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When you buy new metal fittings, they can often look too shiny and garish but there is a very simple way to age and patina Copper or Brass along with other metal such as mild steel. Priory polishes has developed a cold patination, antiquing fluid ideal for this purpose and it is extremely simple to use. It is used for ageing Copper and ageing Brass whilst leaving an antique looking patina, so is perfect when dealing with metals that you want to achieve that ‘antique look’.
Below is a simple guide on how to Patina Copper or age Brass. This also works well on many other metals including mild steel, Zinc and bronze. See the bottom of the post to what solution would be most suitable with your metal.
1. The first thing you need to check, is to ensure is there is nothing on the metal. Remove any lacquer or finish using paint stripper or abrasive solvents. This is usually done with very fine steel wool to remove any finish. It is very important to remove all the finish so the patina can etch onto the metal. Ensure there is no grease, dirt, oil, including fingerprints on the metal as this can also affect the final finish. To be 100% sure, once the metal is cleaned, dry using a paper towel and be careful not to handle them with your fingers, it is always best to wear gloves.
2. Once the Brass or Copper is cleaned and prepared for ageing, you will need to use some Metal Colouring, Antiquing Fluid. If you want a very dark shade you can apply directly onto the metal. For best results, you dilute the fluid with ten parts water or if you want a lighter shade, you can dilute with even more water. Sometimes it is best to start with a diluted solution and add more to darken to your desired results.
3. Immerse the Brass or Copper fully into the mixed patina fluid and apply some agitation to prevent high spots caused by tiny air bubbles. Always try to treat all the metal items at the same time in the same mixture to ensure you get a consistent colour change.
4. Now you will start to see the Brass or Copper surface quickly change colour. You can leave the metal in the ageing fluid until your desired colour is achieved.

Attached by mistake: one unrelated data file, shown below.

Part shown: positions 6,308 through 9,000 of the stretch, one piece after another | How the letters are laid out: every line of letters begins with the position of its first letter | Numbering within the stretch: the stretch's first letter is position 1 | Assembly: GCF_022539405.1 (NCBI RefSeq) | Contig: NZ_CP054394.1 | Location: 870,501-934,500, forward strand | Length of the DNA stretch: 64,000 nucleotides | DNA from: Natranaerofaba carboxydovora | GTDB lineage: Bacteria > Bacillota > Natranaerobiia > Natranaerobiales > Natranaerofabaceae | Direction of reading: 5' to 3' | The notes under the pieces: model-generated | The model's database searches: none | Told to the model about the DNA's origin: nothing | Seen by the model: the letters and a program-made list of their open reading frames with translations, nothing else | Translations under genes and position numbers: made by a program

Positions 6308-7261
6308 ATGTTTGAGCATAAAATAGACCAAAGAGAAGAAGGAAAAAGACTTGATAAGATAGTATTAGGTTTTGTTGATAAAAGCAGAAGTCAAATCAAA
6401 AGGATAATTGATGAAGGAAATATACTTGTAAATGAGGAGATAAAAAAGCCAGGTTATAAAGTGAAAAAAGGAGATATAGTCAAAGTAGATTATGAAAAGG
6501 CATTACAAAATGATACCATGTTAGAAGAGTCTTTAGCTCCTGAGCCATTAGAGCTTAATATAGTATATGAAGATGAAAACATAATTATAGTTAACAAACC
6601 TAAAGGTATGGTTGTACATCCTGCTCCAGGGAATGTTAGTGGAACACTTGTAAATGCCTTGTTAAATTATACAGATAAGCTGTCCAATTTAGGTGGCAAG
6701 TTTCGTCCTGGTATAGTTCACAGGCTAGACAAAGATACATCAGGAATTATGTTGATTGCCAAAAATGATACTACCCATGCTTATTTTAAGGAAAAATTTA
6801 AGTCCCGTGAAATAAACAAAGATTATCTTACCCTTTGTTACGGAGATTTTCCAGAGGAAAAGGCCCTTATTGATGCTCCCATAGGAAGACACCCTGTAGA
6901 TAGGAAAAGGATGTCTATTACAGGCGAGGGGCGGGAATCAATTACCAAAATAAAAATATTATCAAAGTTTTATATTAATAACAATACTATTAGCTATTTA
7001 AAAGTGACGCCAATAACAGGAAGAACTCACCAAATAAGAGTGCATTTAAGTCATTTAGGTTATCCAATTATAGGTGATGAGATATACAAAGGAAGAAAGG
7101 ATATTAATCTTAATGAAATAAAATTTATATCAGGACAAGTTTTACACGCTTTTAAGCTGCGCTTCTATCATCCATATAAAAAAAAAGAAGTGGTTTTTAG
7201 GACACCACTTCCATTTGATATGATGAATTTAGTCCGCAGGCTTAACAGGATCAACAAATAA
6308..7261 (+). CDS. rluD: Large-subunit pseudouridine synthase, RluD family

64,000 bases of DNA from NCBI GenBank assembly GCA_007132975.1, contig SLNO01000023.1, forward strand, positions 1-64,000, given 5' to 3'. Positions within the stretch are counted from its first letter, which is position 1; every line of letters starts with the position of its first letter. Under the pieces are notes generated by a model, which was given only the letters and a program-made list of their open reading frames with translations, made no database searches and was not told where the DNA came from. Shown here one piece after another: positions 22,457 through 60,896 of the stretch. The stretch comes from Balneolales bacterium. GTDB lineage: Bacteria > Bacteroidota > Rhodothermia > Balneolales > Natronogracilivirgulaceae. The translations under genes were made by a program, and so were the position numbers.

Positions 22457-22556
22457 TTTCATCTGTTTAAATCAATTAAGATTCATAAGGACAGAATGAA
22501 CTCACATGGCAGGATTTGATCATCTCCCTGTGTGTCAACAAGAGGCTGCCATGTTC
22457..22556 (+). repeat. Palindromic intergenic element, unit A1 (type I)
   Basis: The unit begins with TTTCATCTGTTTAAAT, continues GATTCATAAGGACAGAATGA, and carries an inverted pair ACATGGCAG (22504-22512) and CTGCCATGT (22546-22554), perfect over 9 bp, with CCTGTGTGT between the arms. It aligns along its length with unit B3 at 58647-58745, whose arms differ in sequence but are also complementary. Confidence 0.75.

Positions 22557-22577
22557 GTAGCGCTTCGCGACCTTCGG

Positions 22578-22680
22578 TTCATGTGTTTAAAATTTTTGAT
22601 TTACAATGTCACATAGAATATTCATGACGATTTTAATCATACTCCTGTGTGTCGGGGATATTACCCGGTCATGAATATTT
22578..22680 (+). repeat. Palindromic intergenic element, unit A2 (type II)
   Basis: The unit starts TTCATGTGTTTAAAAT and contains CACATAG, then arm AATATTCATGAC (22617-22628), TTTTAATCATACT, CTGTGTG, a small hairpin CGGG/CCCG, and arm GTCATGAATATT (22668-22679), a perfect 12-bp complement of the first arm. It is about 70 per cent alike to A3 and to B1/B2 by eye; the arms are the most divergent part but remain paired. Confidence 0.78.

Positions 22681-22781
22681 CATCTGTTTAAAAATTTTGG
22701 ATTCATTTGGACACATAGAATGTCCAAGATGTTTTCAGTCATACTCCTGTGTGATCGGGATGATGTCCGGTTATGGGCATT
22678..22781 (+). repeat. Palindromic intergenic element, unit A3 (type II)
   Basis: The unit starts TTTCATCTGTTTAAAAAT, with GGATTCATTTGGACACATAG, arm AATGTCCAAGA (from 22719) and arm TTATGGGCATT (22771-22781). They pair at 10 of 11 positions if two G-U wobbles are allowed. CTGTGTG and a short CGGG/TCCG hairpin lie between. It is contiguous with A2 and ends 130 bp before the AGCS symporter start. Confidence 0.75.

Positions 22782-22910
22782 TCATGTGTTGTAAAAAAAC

Once you are happy with the colour, rinse immediately with clean water and pat dry with a cotton cloth or paper towel.
5. You will now see the colour has aged, but it will look quite dry. To protect the metal add a layer of Jade oil as this will not only remove the moister but also leave a thin layer to protect and stop future wear to the finish. This will give you the best long term results. Now to to add a sheen and patina, I would usually use a dark wax finish. Simply apply the wax, wait around five minutes and then buff off to a nice sheen. You can also use Metal oil or Metal Lacquer but the wax will give you more of an aged patina, so ideal for antique restoration.
When you buff off the wax, it will produce a smooth, even finish with a mellow sheen. This is ideal for fittings on antique furniture.
We offer two variations of antiquing fluid.
Black is the strongest colour and will work on Copper, Brass, Bronze and some mild Steel. It also works on Zinc to some degree as it leaves a darker grey colour.
Brown is ideal for Brass, Copper and Bronze.
The fluids are not recommended on Stainless Steel, Aluminium or Chrome as they do not really work on these metals.
As with all restoration materials, it is always recommended to test a small area first.
i have steam engines that have been shaped on copper plates that i would like to restore . what should i use to make it black and like it was and keep the copper like pipes and things a copper colour..